It’s not hard while I’m there. Oh, I love being there. With her. With her mom and stepdad. With their sons. With my sons. With all the dogs. Even when the dogs bark and the baby cries and and the kids are yelling things at video games and I get a little bit of sensory overload, it’s so good. I know that when I take a five minute break upstairs, I can come back downstairs and all three of my children are under one roof.

I feel that feeling even more when they are here, when all my children are under my roof. It fills my whole soul up. To hear them chattering as they fall asleep in the room next to me, to hear their voices in the hall in the early morning, to feed them food that I’ve made. The food thing is big to me. Like, really big. It’s one of my ways that I show love to people: I make them food. To do that for my daughter, her mom, my sons, and my husband—all at once—fills me so full.

It gives me a sense of peace.

It’s short-lived peace, of course. Because the hard comes when I pile my sons and all our stuff into my car and drive us away from their house. I immediately pull into Dunkin Donuts and order myself all the caffeine and anything my boys want; they’re already crying and I’m already fighting my own tears. I don’t worry about my daughter; she is in an amazingly loving home in which she is supported, loved, and cherished. I don’t worry about her well-being. I don’t worry that this is our last visit. I don’t worry about any of those things.

Instead I’m slammed with guilt. Two crying boys will do that to you. The questions they ask will gut you. “Why can’t we all live together? But how sick were you? Weren’t you sick when you were pregnant with us too? So why did you keep us?” Explaining the nuances of support and fear and anxiety and depression and regret are hard; they’re eight and ten and understand much more than most eight and ten year old kids. But they’re still eight and ten. Nuances are hard. And so I drive six hours, sitting with my guilt.

And, of course, it smarts less when my daughter and her mom leave our house. I’m okay with being left behind; it’s what parents expect at some point. I just get it more frequently. It’s practice for the future when they’re all out living their own lives.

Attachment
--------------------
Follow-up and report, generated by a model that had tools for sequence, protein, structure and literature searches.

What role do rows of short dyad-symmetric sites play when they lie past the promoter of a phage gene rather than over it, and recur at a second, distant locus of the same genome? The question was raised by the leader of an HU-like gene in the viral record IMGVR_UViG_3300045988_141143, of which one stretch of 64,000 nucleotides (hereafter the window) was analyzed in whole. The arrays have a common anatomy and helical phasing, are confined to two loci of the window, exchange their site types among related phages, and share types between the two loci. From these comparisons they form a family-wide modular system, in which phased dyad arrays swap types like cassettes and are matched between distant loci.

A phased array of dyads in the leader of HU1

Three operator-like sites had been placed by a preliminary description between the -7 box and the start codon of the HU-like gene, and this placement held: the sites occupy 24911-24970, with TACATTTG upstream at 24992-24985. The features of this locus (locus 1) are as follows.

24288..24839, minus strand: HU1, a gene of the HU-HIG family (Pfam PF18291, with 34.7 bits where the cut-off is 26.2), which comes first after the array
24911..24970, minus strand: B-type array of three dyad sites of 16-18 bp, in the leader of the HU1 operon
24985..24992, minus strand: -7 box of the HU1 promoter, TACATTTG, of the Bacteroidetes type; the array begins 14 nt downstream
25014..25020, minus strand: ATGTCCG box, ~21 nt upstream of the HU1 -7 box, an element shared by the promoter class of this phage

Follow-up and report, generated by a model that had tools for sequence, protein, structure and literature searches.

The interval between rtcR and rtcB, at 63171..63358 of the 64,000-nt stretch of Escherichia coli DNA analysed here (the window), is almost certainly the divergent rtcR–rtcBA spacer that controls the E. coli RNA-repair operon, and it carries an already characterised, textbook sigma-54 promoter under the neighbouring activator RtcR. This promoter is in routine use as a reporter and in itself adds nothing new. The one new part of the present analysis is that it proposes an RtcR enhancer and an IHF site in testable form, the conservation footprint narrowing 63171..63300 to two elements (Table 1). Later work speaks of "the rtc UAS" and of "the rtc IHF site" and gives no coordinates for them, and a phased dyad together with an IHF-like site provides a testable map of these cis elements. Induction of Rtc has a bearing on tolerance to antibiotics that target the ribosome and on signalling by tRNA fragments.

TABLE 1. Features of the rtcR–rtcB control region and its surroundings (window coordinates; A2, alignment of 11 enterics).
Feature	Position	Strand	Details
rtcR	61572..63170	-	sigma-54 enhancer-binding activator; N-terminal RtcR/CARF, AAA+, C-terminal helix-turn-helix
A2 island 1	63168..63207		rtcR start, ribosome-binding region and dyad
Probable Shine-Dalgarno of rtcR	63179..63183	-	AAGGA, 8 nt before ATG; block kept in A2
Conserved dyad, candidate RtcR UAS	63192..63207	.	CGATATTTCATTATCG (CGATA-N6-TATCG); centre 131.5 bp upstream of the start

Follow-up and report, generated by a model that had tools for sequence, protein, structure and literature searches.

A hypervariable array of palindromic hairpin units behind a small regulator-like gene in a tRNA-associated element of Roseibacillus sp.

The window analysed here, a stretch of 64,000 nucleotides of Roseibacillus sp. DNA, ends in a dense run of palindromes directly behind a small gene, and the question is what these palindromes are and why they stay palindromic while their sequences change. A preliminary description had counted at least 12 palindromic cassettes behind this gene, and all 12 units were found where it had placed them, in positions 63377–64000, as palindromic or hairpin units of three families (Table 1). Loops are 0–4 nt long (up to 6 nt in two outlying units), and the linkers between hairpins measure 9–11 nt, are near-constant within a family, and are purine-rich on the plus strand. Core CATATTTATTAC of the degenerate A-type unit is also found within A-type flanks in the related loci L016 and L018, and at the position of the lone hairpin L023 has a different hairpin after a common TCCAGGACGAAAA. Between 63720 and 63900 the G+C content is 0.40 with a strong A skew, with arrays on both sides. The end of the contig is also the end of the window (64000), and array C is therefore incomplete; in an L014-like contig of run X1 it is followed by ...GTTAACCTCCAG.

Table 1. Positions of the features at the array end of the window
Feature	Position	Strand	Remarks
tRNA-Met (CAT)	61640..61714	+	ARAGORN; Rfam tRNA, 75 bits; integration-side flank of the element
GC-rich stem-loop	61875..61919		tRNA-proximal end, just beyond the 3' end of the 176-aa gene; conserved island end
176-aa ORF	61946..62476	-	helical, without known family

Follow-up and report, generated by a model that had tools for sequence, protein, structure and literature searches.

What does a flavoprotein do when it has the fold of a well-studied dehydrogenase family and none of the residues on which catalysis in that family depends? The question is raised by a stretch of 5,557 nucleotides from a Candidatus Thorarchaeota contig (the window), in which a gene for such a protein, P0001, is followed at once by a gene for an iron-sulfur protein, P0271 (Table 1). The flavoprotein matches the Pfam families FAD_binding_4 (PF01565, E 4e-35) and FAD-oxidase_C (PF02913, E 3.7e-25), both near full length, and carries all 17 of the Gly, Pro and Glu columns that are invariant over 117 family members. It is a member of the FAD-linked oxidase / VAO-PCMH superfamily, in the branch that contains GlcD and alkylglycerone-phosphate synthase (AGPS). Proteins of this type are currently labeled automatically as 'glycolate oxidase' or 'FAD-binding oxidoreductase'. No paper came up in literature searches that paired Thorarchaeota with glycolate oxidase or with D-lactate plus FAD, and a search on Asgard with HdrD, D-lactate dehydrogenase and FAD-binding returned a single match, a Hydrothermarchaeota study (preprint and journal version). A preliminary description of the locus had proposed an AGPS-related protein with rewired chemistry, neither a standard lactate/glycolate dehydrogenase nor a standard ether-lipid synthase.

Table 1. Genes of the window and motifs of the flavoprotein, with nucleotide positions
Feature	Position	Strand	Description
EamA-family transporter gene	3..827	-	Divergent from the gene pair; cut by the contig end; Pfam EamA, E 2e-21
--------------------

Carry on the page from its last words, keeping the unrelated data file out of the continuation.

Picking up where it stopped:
No. The real guilt comes in leaving her every time. Because every time I’m reminded of standing up out of that wheelchair in the hospital lobby, keeping my eyes fixated on the door—not my daughter—and walking out into the cold December air. Every time I leave her is like leaving her the first time. It conjures up all those emotions from that day: fear, anger, sadness, confusion, self-loathing, more anger, more fear, and the most desperate feeling of loneliness I’ve ever felt in my life. I knew that day, as the cold winds cut through my coat, which still didn’t button around my deflated belly, that I would never forgive myself.

I’m still working on it today.

My therapist still prompts me regularly about what that forgiveness might look like, but I still don’t know. Maybe it looks like being gentle with myself. Maybe it looks like letting go. Maybe it looks like something I don’t know yet. I don’t quite know how to get there, what it looks like, how it might feel. But maybe I will some day.

But for three days, once a month, I now know a peace I hadn’t known until this point. When my children are all within arms reach for that amount of time, I forget about forgiving myself, about the true need to do so. Instead I focus on the moment, the present, living the time we have together. I’ve gotten very lax at even taking pictures when we’re together because I get so caught up in the moment, in the living of each one.

I will note this: The post-visit crash we used to experience when visits were basically quarterly and even for our first few monthly visits has lessened, for both myself and the boys. I don’t get The Big Sad for as long. Sometimes I’m less sad by the end of the drive. Sometimes it takes a day. The boys, ever willing and able to ask questions and tell me what they’re thinking, cry less. The consistency has been good for all of us.

Next month, it’s their turn to visit us. We’ll take them to the pool. We’ll roast marshmallows around the fire pit. We’ll probably hide inside some to avoid the cicadas. The kids will play video games. The parents will talk about life. We’ll get too little sleep, all of us. We’ll spend quiet moments in each others’ presence, just sitting with the fact that we’re all here together. We’ll eat meals. And ice cream. And maybe we’ll all come a little closer to the next thing we need to do inside ourselves. We’re all working on our own things, separately and apart.

Next month, I’ll get to feel that peace again. I’ll breathe it deep into my soul. I’ll close my eyes and listen to the sounds of my children, together. I’ll store it away to pull out and inspect one day. I will breathe the calming breath of a mother who feels needed, who feels loved, who knows she has worked hard, given of herself, and done something worth doing. I’ve mothered three children who needed me to mother them in different ways at different times.

And I will continue to do so as long as I live.